GE wins funding for SF6-free technology
GE has been awarded a total of $3.7 million in funding from the U.S. Department of Energy’s Advanced Research Projects Agency-Energy (ARPA-E) for two related projects to help accelerate the decarbonization of the U.S. electrical grid.
The first award in the amount of $2.3 million to GE Renewable Energy’s Grid Solutions business relates to the development of a sulfur hexafluoride (SF6)-free 245 kilovolt (kV) dead tank circuit-breaker. The new circuit-breaker will use GE’s g3 gas insulating and switching technology, which has a global warming potential that is 99% less compared with SF62, to deliver the same high performance as a traditional SF6 circuit-breaker. As g3 products have the same dimensions as SF6 equipment, there is no increase in emissions during the manufacturing process from additional material.
The second award to GE Research Center in the amount of $1.4 million is part of a $2.7 million project led by the University of Connecticut that will focus on the life cycle management of g3 products, mainly gas leakages and byproduct detection, capture and monitoring tools.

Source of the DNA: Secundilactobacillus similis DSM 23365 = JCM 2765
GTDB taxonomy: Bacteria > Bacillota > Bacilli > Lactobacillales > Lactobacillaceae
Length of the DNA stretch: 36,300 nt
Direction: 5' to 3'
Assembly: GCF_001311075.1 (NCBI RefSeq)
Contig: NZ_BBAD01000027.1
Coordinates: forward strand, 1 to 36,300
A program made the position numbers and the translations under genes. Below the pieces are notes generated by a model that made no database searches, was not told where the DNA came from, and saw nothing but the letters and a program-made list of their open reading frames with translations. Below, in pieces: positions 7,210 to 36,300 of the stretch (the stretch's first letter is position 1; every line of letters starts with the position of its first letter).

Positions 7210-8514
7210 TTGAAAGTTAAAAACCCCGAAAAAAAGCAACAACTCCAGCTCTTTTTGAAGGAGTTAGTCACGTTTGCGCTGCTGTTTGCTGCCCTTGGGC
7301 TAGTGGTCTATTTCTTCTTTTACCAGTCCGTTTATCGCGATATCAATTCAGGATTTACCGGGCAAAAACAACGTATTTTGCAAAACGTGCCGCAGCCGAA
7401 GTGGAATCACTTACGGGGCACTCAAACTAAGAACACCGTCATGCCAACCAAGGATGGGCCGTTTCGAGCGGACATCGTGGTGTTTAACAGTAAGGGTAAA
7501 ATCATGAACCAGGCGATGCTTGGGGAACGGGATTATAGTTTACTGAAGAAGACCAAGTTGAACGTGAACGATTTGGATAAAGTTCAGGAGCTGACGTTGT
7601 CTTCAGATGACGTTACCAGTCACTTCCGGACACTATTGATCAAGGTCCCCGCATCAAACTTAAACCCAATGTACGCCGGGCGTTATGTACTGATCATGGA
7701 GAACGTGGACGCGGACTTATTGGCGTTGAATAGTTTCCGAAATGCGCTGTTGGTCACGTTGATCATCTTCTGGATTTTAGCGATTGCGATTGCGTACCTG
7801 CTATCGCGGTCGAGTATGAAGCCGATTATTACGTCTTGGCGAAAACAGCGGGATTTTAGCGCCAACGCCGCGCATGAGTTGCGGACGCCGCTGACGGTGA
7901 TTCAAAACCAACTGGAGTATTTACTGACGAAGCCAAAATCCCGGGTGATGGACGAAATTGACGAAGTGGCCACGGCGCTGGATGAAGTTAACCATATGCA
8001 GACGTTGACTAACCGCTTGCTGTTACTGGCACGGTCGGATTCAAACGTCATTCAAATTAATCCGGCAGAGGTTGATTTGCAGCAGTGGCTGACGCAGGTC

“SF6 is a significantly more potent greenhouse gas than carbon dioxide and can remain in the atmosphere for up to 3,200 years. ARPA-E anticipates that any technology developed to replace SF6 could have a significant and widespread global impact as countries look to reduce, regulate, or eliminate SF6 emissions from their electrical grids,” said Dr. Isik Kizilyalli, ARPA-E Associate Director for Technology.
“We are honored that ARPA-E recognizes the importance GE’s g3 gas technology. This funding will help demonstrate the applicability of g3 gas for the commonly used 245 kV voltage level used by transmission operators in the U.S.,” said Danielle Merfeld, Chief Technology Officer at GE Renewable Energy. “One of the major advantages of GE’s g3 gas is that this fluoronitrile-based solution is scalable to higher voltage levels. As part of this project, the 245 kV g3 circuit breaker will be scaled to 550 kV, which helps accelerate market acceptance of SF6-free technology and support the U.S.’s goal of net zero emissions by 2050.”
Source: GE Grid Solutions
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